Are Shorter Article Titles More Attractive for Citations? Crosssectional Study of 22 Scientific Journals

Habibzadeh, Farrokh; Yadollahie, Mahboobeh
April 2010
Croatian Medical Journal;Apr2010, Vol. 51 Issue 2, p165
Academic Journal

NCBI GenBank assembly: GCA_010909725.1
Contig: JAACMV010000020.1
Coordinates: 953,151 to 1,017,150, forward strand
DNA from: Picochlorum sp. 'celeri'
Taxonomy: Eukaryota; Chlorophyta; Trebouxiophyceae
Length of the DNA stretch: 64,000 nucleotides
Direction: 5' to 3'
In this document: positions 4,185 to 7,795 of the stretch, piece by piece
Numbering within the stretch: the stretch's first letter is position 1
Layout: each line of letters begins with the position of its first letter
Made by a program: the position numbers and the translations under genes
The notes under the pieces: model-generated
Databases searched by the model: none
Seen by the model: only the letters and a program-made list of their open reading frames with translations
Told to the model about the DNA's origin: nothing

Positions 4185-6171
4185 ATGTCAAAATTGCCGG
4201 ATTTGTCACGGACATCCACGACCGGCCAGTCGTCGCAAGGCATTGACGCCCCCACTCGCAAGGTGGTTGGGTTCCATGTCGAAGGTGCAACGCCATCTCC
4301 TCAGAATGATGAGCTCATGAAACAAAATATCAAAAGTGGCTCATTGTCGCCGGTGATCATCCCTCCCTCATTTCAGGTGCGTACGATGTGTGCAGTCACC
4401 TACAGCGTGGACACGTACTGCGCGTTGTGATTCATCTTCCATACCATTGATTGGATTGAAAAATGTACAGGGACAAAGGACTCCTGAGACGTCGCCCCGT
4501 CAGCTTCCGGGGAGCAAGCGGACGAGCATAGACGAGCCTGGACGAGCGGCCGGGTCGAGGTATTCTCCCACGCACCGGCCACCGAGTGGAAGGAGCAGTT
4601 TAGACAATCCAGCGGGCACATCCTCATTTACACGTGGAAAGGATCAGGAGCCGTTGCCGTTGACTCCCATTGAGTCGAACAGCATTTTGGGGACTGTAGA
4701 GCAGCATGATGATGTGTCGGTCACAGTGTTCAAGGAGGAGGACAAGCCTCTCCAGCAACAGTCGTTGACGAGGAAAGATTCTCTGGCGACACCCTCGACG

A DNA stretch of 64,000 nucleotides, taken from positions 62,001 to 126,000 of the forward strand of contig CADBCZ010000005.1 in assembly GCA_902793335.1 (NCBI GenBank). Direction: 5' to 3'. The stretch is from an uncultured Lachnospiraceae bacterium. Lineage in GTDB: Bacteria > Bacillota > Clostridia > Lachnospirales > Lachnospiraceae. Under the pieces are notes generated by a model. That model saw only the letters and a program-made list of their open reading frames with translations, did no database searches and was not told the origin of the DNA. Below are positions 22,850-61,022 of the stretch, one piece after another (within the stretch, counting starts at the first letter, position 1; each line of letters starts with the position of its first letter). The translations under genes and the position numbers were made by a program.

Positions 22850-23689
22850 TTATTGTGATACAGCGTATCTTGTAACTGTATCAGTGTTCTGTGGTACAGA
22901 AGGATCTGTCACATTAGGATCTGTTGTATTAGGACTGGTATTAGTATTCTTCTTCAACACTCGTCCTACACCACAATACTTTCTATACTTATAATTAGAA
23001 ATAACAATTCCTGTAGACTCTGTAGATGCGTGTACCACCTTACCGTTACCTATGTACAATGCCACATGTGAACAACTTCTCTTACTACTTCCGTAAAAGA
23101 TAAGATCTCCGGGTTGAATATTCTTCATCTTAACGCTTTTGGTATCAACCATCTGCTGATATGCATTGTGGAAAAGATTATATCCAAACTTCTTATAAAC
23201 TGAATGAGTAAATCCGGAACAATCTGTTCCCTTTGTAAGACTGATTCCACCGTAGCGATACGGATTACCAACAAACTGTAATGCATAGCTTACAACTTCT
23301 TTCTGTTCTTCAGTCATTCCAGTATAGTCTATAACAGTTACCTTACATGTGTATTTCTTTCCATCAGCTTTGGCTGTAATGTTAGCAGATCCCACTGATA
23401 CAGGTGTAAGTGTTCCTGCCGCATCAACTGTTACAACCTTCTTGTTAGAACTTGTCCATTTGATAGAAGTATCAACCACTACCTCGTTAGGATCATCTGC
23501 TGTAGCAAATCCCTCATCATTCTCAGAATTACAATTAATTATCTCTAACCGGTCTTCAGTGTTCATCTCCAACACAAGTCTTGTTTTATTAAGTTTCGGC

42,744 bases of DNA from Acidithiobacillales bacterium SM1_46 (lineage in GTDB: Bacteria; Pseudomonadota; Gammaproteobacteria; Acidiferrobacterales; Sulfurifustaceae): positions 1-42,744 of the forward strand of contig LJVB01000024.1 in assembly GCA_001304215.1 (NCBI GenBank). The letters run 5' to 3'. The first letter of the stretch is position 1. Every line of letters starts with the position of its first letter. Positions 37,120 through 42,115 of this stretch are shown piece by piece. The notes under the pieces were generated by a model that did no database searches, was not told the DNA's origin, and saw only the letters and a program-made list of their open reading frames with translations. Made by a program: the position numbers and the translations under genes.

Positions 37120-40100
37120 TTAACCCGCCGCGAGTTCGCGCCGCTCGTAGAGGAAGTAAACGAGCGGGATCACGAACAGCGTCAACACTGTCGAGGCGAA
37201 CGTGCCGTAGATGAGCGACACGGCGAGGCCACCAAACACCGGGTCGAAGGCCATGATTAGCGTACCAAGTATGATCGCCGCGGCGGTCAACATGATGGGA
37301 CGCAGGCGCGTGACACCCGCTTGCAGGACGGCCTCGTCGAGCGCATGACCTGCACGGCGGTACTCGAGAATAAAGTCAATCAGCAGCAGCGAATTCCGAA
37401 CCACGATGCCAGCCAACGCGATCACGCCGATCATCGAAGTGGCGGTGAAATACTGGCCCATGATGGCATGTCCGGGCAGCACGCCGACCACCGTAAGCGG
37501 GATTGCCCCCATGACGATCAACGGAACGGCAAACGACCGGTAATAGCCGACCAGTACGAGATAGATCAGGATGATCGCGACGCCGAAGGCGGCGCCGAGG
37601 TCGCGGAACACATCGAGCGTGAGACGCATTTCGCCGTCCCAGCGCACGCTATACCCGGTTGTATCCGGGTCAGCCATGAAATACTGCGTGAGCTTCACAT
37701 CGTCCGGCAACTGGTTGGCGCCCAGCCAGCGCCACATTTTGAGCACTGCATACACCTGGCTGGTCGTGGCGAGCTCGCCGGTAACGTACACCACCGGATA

Aim To investigate the correlation between the length of the title of a scientific article and the number of citations it receives, in view of the common editorial call for shorter titles. Methods Title and the number of citations to all articles published in 2005 in 22 arbitrarily chosen English-language journals (n = 9031) were retrieved from citation database Scopus. The 2008 journal impact factors of these 22 journals were also retrieved from Thomson Reuters' Journal Citation Report (JCR). Assuming the article title length as the independent variable, and the number of citations to the article as the dependent variable, a linear regression model was applied. Results The slope of the regression line for some journals (n = 6, when titles were measured in characters but 7 when titles were measured in words) was negative - none was significantly different from 0. The overall slope for all journals was 0.140 (when titles were measured in characters) and 0.778 (when titles were measured in words), which is significantly different from 0 (P < 0.001 , t test). Overall, articles with longer titles received more citations - Spearman ρ = 0.266 - when titles were measured in characters, and ρ = 0.244 when titles were measured in words (P < 0.001). This association was found for 7 of 8 journals with impact factor >10 and for 2 out of 14 journals with impact factor <10 (P < 0.001, Fisher exact test). Conclusion Longer titles seem to be associated with higher citation rates. This association is more pronounced for journals with high impact factors. Editors who insist on brief and concise titles should perhaps update the guidelines for authors of their journals and have more flexibility regarding the length of the title.


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